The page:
Health Insurance in Nigeria: All You Need to Know

When the word ‘insurance’ is comes into discussion, many questions comes along with it; and that’s regardless of any form of insurance that’s being discussed. Although, Health care provision in Nigeria needs a serious lift, the insurance aspect of it hasn’t been badly affected.

For those who want to know some basic relevant info about health insurance in Nigeria, then read on as you would definitely find this write up very useful for you in the long run.

What is health insurance?

Basically, health insurance is a way to pay for healthcare. This payment protects a subscriber from paying the full cost of medical services when they are sick or injured. Just like car or home insurance, one selects a plan, pay the correlating monthly fee and the health issuer agrees to pay a portion of a subscribers medical cost. They basically negotiate the doctors and hospitals.

What about health insurance in Nigeria?

Health insurance in Nigeria is handled by the Nigerian National Health Insurance Scheme (NHIS) which is planned to attract more resources to the health care sector and improve the access, resources, and utilization of healthcare services.

What are the packages?

In Nigeria, there are two main packages which are the Health Management Organization (HMO) and the Out Of Pocket (OOP). The HMO plan is popular and better, as it covers both the tiers of government and private sectors, since the HMOs are being liaised with by the government to provide health care services to NHIS subscribers.

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What are the programs?

Formal Sector Social Health Insurance Programme (for employees in the public sector and organized private sector – a company with 10 staffs and above). Formal sector covers staff, spouse and four biological children.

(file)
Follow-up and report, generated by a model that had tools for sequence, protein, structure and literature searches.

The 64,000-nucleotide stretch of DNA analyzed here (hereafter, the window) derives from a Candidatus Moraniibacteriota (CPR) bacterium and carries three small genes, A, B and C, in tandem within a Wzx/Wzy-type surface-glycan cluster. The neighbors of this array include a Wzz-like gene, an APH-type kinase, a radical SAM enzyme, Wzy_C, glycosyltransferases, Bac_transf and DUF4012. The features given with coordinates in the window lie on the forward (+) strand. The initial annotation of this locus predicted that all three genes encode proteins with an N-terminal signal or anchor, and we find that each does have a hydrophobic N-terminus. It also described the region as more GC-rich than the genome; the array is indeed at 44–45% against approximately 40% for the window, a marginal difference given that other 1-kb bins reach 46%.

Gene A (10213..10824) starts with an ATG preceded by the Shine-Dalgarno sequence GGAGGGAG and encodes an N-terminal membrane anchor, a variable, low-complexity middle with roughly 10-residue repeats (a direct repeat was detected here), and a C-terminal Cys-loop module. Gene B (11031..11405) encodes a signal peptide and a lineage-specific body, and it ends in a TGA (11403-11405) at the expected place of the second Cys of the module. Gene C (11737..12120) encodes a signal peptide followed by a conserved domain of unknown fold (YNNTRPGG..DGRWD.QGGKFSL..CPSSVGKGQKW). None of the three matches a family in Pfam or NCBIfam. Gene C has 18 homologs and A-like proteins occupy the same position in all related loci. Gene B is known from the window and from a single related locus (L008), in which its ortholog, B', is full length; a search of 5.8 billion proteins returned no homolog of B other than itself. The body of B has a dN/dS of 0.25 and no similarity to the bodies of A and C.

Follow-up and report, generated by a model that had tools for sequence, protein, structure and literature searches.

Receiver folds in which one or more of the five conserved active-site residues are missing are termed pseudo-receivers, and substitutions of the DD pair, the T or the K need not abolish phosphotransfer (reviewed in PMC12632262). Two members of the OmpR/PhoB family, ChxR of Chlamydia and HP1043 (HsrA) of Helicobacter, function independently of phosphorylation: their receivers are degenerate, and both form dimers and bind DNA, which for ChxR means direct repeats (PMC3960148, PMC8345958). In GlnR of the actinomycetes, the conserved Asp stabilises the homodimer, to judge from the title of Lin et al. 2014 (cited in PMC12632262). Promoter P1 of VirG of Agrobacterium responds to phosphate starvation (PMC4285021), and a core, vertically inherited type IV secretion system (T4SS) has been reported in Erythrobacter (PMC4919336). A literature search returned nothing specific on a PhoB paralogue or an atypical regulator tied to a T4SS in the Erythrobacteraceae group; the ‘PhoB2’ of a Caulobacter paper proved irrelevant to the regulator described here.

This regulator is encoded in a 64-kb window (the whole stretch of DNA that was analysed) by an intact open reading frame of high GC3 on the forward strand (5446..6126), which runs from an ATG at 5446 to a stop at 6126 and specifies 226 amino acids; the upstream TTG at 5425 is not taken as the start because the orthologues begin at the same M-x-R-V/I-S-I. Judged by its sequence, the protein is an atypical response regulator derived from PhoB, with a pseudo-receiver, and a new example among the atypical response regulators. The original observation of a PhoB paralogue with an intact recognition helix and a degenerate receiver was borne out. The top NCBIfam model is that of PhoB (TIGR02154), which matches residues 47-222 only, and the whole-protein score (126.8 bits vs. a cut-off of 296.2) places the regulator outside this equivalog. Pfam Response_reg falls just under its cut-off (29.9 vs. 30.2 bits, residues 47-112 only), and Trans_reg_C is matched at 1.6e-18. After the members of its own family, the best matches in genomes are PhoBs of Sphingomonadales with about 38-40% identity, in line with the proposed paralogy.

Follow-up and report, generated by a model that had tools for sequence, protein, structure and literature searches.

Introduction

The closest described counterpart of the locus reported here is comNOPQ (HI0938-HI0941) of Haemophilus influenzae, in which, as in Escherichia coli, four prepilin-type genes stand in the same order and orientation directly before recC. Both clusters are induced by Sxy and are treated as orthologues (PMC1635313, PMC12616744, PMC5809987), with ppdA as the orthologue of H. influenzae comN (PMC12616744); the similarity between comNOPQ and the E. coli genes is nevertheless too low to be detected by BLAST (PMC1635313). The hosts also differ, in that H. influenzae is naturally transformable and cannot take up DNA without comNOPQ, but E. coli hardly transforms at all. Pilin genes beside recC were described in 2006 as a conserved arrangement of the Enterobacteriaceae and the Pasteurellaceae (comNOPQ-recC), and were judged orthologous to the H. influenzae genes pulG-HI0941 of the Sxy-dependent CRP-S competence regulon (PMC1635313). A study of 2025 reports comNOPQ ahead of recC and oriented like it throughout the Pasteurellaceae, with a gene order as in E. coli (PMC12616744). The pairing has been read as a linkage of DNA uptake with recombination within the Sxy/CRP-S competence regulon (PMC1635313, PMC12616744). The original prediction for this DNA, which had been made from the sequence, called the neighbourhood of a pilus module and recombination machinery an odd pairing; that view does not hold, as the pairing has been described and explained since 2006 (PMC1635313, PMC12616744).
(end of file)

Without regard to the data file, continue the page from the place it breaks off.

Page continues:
National Mobile Health Insurance Program (NMHIP)which is in partnership with Telecommunications Companies in Nigeria and gradually phasing out the Voluntary Contributors Social Health Program (VCSHIP)

Tertiary Social Health Insurance Programme is for students in tertiary institutions.

Community Based Social Insurance for people in villages, markets, etc.

What are the benefits?

Some of the benefits of subscribing to the NHIS include:

  • Hospital care in a standard ward for a stay limited to cumulative of 21 days per year.
  • Maternity care for up to four (4) live births for every insured contributor
  • Consultation with specialists such as physicians, paediatrics, gynaecologists, surgeons, physiotherapists, etc.
  • Preventive care immunization as it applies in the National Immunization Programme.
  • Health education, family planning (counselling), antenatal and post natal care.
  • Out-patient care, including necessary consumables (Drugs, Injections, drips), and so on.

How much does it cost?

The cost for enrolling for the NHIS varies from programme to programme. The government organization bears the lump sum for the registration of Formal Sector Health Insurance Programme and your personal input depends on the Health Service Provider. Registration of your dependants (Children and Parents) usually cost around N9,000 per head.

VCSHIP costs a registration fee of N15,000 and a N10,000 per head fee. NMHIP costs N12,000 and N9,000 per head.

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All fees would be renewed annually.

How does one enroll?

To enrol for the Formal Sector Health Insurance Programme, one just needs to make enquiries of the HMO the firm uses and go register to get the enrolee card.

For the NMHIP, one has to contact NHIS in any of their branches which can be found online. Although one needs to visit them physically during the registration process, and after, to get ones’ card.

Issues

Of course in Nigeria, HMOs staffs are not well trained and they tend to see people who have chosen to insure their health as lower to those who didn’t chose to. Since they pay lower and enjoy insurance benefits. Hence, they tend to attend to them in a different manner compared to others.

Conclusion

The government should invest more in the health sector and give out loans to partnering HMOs so that their Health Services can be up to standard.

Also they should take time out to enlighten the staffs on the real line behind deciding to opt for health insurance and deciding not to as most people who have opted for it are even more enlightened and most times richer than those that didn’t.

Note: Private Health Insurance companies like AGA, HYGEIA and so on are still regulated under the NHIS.


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